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Beefsteak & Burgundy Club of Tinakori at The White House Restaurant

By February 26, 2013No Comments
Owner and chef of The White House, Paul Hoather, has a wonderful reputation for creating and serving some of Wellington’s finest food. Since 1992, The White House has figured among the elite of dining establishments with renown throughout New Zealand and beyond. Paul is creative with classical food, using the finest local produce possible, and his adventurousness results in exciting, sometimes innovative, and always brilliantly presented and fabulously tasty dishes. The bonus is the location of The White House, with stunning views from Oriental Parade overlooking the harbour. The word around town among the restaurant and hospitality trade is that Paul Hoather and The White House are ‘white hot’ and it’s a must to dine at for the best experience. Thus it was a lunch-time treat for the members and guests of the Beefsteak & Burgundy Club of Tinakori. The White House lived up to its standing with its outstanding menu, the food and wine delivered with professionalism and aplomb by general manager and maître d’ Rob Scott and his attentive staff.  www.whr.co.nz
 
On Arrival
Winemaster, Dean Derwin of Centre City Wines revels in serving smart wines that are a little off-the-wall in one way or another. The first wine served blind was the Mills Reef Hawke’s Bay Methode Traditionnelle NV. This is a wine that is seldom seen in the trade, and thus its technical details were not revealed, but I understand it is 100% Chardonnay. A delightful, light and very accessible sparkler, I found it soft and simple with apple-like flavours, and showing very little bready-yeasty autolysis. The sweetness level was noticeable, contributing to its roundness and drinkability. Very fresh and clean, our table surmised it was a New Zealand Methode style. My guest, Sue Davies believed it was a North Island wine due to its soft nature and lower acidity. As an alternative, I proffered north-east Italian Prosecco as an alternative, though the sweetness was higher than most of these available. Most others guessed the wine to be a classier Marlborough sparkling. In the final analysis, an excellent, ideal start to the lunch.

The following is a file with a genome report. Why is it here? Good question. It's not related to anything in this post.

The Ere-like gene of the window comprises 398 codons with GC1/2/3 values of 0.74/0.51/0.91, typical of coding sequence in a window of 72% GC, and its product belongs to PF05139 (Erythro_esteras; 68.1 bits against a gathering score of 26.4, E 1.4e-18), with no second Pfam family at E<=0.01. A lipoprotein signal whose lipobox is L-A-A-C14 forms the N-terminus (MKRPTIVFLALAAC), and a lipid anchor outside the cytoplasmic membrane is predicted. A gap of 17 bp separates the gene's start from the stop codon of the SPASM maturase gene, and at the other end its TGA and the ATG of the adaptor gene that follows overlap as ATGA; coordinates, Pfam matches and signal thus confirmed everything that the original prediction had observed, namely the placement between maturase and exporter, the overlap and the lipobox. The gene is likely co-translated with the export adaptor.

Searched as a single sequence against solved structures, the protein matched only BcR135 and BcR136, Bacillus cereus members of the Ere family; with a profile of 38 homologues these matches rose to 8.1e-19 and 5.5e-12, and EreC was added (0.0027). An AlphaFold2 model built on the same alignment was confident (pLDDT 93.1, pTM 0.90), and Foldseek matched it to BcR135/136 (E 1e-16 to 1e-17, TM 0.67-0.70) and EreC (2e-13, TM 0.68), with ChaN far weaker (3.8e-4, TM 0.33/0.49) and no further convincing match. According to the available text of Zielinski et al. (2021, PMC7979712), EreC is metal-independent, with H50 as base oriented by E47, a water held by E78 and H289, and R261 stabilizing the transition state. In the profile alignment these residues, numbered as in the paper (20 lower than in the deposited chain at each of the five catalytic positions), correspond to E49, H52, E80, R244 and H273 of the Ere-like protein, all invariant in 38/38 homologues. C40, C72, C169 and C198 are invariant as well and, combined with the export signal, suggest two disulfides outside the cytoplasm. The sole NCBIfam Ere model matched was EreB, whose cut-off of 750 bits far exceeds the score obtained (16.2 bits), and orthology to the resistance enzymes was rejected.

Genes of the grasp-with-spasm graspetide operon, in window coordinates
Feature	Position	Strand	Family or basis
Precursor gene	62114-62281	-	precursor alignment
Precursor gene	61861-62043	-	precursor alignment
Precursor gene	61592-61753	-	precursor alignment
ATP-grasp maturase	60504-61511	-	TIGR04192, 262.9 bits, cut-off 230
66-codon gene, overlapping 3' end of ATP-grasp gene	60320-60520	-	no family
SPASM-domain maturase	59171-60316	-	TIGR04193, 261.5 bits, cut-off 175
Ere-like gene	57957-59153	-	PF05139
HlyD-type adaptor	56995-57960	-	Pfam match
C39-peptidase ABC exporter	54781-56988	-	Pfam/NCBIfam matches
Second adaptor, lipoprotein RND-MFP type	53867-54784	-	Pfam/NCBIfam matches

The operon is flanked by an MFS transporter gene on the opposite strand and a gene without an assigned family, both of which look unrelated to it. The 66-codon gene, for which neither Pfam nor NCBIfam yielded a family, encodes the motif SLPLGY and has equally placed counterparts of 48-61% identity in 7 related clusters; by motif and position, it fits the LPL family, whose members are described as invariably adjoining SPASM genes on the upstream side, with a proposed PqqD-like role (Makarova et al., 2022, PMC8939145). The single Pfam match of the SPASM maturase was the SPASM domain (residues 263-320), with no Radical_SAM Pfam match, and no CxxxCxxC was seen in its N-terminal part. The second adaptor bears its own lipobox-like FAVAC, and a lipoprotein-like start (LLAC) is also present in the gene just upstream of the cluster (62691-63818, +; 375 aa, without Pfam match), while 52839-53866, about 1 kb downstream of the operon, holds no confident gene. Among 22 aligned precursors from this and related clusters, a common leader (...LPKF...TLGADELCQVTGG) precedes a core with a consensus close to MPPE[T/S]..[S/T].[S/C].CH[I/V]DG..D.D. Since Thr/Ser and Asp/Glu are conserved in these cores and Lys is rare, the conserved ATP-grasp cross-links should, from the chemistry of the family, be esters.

The menu began with Bread, homemade cultured butter and organic sea salt, the bread light and airy, but crusty, perfect to line the stomach! Then an amuse bouche – a Truffled Macaroon, with a filling of Chicken liver parfait. This was an intriguing item, the sweetness of the macaroon biscuit an even contrast with the rich, savoury parfait, which pleasingly had the texture of the normal creamy filling. The wine tasted marginally sweeter with the parfait filling.
 
Entrée
One of The White House classics was the entrée. Victor’s Rabbit Pie, textures of Otaki carrots is always a substantial food course. Perfect pastry with a hot and moist filling of rabbit and gravy, the flavours quite subtle and sweet. The carrot in its three forms offset the pie with its brightness, and the textures were solid in the boiled baby carrot to a sleek sliced and curled shaved disc and soft in puree style. A very satisfying dish.
 
The wine served was Gladstone Vineyard Gladstone Pinot Noir 2010. Showing a little age with garnet and hints of brick, the nose was rich and fulsome and the palate gently mouthfilling with flavours of savour red berry fruits, notes of dried herb, game and mushroom. Clearly Pinot Noir, this had fruit sweetness with tannins that were beginning to resolve, but plenty of alcohol power. The sweetness of fruit and fruitiness indicated New Zealand, and its savoury complexities and soft acidity led us to the Wairarapa. I felt the maturity of the wine made it a 2009, maybe even 2008 in vintage. In general, the wine was believed to be a Marlborough or Central Otago Pinot Noir. The wine’s flavours held their own with the pie, and there was plenty of body in the wine to work with the pie pasty and rabbit meaty cubes. Being sweet rather than earthy, the carrots gave a delicate piquant contrast to the wine.